We’ve talked about archetypes in some length, especially in the Hero’s Journey Series. Archetypes can be a powerful addition to your story, and I’m sure you’ve been using them without even realizing it. Mostly because “there is nothing new under the sun.” What you write is a mixture of what you’ve experienced and read, which is a mixture of what other artists have experienced and read. Don’t fight against this. Instead, focus on reinventing the wheel, but adding some of that flare that can only come from your creative genius.
People identify with archetypes because we have all been there. Each of us has been a Hero and a Mentor and even a Trickster at some point. So, using archetypes allows your reader to empathize with your character and enter the story. The primary goal of any story is to hold the reader’s attention. There is no better way to do that than to draw your reader into a character so they can live the adventure vicariously. I talk about this as Hero Audience Bonding.
We know, almost instinctively, that we should use archetypes in our stories. In this post, I have compiled some simple thoughts on how to use those character types.
So, without further adieu, here are 37(ish) character tips for using archetypes in your writing.
- Compile a list of character types. (I will be compiling one starting next week.)
- Next time you watch a movie or read a book, keep this list of archetypes handy and try to identify them in the story.
- Thinking back on stories you know and love, come up with a list of five characters for each archetype.
- In your own work, ask whether any of these archetypes could strengthen a story you”™ve been working on.
- You may be able to use one of your existing characters to fulfill the role of an archetypal character.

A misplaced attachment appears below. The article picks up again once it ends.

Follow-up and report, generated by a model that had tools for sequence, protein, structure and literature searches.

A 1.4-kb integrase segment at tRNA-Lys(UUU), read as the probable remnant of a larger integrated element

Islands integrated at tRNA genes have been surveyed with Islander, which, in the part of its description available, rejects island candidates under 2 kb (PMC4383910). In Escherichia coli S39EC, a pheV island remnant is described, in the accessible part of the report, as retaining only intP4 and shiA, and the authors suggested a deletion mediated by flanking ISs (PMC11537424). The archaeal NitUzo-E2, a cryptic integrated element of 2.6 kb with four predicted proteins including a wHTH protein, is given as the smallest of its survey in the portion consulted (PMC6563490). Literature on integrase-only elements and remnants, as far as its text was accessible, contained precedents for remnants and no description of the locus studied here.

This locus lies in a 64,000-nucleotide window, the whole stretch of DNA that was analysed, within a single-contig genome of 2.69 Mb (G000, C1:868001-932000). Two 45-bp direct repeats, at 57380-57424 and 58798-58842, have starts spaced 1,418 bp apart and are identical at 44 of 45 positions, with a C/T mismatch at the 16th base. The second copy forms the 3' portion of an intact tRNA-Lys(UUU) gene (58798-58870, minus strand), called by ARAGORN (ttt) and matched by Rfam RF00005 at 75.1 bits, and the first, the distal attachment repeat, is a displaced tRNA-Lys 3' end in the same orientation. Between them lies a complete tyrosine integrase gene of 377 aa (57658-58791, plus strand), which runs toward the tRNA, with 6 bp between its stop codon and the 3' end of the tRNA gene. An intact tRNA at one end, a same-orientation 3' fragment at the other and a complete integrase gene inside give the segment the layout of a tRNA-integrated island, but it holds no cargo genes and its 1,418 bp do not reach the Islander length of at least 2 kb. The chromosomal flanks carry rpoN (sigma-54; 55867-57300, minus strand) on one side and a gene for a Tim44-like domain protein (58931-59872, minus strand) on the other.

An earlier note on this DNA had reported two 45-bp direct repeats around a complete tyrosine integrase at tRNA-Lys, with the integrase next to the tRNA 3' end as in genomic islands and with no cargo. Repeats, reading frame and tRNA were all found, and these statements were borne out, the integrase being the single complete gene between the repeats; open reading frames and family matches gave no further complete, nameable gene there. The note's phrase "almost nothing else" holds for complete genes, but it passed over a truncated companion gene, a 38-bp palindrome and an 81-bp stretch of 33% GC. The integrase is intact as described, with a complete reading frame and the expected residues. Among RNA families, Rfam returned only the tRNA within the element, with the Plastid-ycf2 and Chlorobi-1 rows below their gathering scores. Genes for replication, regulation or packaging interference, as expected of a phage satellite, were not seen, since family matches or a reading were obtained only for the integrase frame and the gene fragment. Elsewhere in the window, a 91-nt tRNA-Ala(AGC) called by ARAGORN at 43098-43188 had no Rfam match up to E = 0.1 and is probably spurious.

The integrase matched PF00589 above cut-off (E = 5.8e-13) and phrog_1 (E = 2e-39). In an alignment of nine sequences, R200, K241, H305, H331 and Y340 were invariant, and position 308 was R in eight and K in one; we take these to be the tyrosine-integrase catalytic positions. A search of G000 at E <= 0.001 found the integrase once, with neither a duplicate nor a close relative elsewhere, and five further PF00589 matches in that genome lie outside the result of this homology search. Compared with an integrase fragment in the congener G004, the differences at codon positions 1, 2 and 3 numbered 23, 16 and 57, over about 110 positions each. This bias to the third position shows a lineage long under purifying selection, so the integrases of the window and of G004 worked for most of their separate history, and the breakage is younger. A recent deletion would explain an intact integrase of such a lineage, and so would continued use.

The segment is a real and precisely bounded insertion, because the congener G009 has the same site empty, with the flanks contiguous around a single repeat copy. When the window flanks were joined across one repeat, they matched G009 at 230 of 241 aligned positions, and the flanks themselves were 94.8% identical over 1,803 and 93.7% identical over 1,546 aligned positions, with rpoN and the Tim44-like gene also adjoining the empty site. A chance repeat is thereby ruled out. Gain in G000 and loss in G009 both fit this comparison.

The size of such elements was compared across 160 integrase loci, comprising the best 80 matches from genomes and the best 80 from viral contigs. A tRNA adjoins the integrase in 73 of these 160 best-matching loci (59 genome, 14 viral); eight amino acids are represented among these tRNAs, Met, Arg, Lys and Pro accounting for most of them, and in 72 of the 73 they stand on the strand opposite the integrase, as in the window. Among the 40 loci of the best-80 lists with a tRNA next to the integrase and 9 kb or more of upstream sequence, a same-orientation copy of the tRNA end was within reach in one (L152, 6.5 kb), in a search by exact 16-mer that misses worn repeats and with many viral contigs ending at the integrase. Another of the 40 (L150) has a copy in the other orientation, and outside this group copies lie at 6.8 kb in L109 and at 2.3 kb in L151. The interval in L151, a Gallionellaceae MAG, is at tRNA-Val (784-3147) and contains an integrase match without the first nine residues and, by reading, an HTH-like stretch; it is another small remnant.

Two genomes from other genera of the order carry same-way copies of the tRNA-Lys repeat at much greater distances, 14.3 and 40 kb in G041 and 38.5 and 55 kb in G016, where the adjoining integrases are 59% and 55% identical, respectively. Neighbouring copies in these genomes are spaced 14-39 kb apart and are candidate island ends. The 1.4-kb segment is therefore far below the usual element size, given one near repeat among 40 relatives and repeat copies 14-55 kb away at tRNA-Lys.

- Clarify the character Arc– every hero must grow and change be it physical, emotional, spiritual, or otherwise.
- Focus on the Present Tense-who is the character now? While it may be useful to know who the character was ten years ago, the story is being experienced now.
- Use back-story only if it’s revelation- Back-story is only valuable if it surprises the audience or explains the character’s behavior.
- Avoid decorative tags– don’t waste time coming up with imaginative eccentricities. What is the character’s self-assessment? What is the world’s? Is there a gap?
- Show, don’t tell– Don’t tell the audience that a character is a traveler. Show the audience by the array of suitcases and travel brochures lying about.
- Don’t underestimate the power of small moments– When information is revealed to the audience when the character believes they are alone.
- Mix and match archetypes. Try a Mentor who is also a Trickster, or an Eternal Boy/Threshold Guardian.
- Get to know your characters. Adding flesh to those bones will make them feel less “archetype-y.”
- Try associating a character with one of the figures from the Chinese zodiac “” boar, dog, dragon, horse, goat, monkey, ox, rabbit, rat, rooster, snake, and tiger “” each of which is endowed with a complex array of both positive and negative traits.
- The personality enneagram, a nine-pointed array of personality types, might also be a useful reference for character building.
- Consider these psychological types based on the Meyers-Briggs Type Indicator psychometric assessment: introversion/extroversion, sensing/intuition, thinking/feeling, and judgment/perception. (Everyone is a combination of both types in each pair, but in different ratios.)